Ngwena's new age of denials: It wasn't me

HARARE - Many recall how Vice President Emmerson Mnangagwa has ad nauseum ad infinitum claimed there have been break-ins at his offices — five times to be precise.

The dodgy break-ins at the party and State offices of the former security chief with strong ties to the military and intelligence apparatus, genuinely raised alarm initially, but subsequently raised eyebrows about the motive.

Despite a massive police hunt, into which State security and police threw several agents, the perpetrators of the successive audacious break-ins are yet to be identified.

At the last break-in, at his Justice ministry offices at the beginning of this month, police came in, saw the evidence, and ruled out a suspected fifth break-in. Police spokesperson Charity Charamba said investigations showed no signs of forced entry into the VP’s office through the door, window or ceiling as claimed.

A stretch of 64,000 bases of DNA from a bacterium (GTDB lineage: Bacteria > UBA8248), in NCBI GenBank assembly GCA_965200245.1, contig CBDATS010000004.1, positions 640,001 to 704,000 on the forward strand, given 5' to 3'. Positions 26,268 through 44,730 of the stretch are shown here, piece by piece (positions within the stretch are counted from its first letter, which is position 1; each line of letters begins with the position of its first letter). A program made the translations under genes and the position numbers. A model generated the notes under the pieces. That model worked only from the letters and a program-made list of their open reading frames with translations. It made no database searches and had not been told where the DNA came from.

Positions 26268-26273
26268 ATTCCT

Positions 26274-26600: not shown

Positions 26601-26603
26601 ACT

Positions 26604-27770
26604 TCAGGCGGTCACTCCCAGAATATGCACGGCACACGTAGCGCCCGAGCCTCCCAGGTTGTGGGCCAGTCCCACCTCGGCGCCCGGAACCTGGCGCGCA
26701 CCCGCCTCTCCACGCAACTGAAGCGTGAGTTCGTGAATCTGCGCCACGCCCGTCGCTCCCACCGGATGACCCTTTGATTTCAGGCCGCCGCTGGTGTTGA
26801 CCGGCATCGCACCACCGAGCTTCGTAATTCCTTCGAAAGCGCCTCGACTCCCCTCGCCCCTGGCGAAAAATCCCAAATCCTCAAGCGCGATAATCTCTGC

Yet Mnangagwa, in all righteous indignation, looked the nation straight in the eye and insisted he suspected foul play.

If apocryphal, it is definitely in character. Mnangagwa, with his colourful Karanga prose and melodrama, regularly embraces bad ideas or even invents fibs so totally that he convinces himself of their rightness. Others start to believe them too.

His outlandish denial, in his spat with David Coltart over inflammatory recorded statements he made during the Gukurahundi atrocities, uttered in a prepared statement, was that the human rights lawyer was spewing lies and malice against him.

He never suggested annihilation of the minority Ndebele even though the State-run Chronicle newspaper quotes  the then minister in charge of the CIO in black and white in 1983 telling a rally that government was on a campaign against “dissidents”, referring to dissidents as “cockroaches” and the Fifth Brigade as “DDT”, a deadly pesticide used to kill vermin.

And the spin all have a purpose.

In each phase of his career, Mnangagwa has had a trope that he pushes so aggressively it can drive a citizen crazy. But they are fabulously incredulous and they keep the headlines on him alone, while inadvertently making him king of the issue despite his attempt to deflect attention from him.

One wonders why he does not just shut up.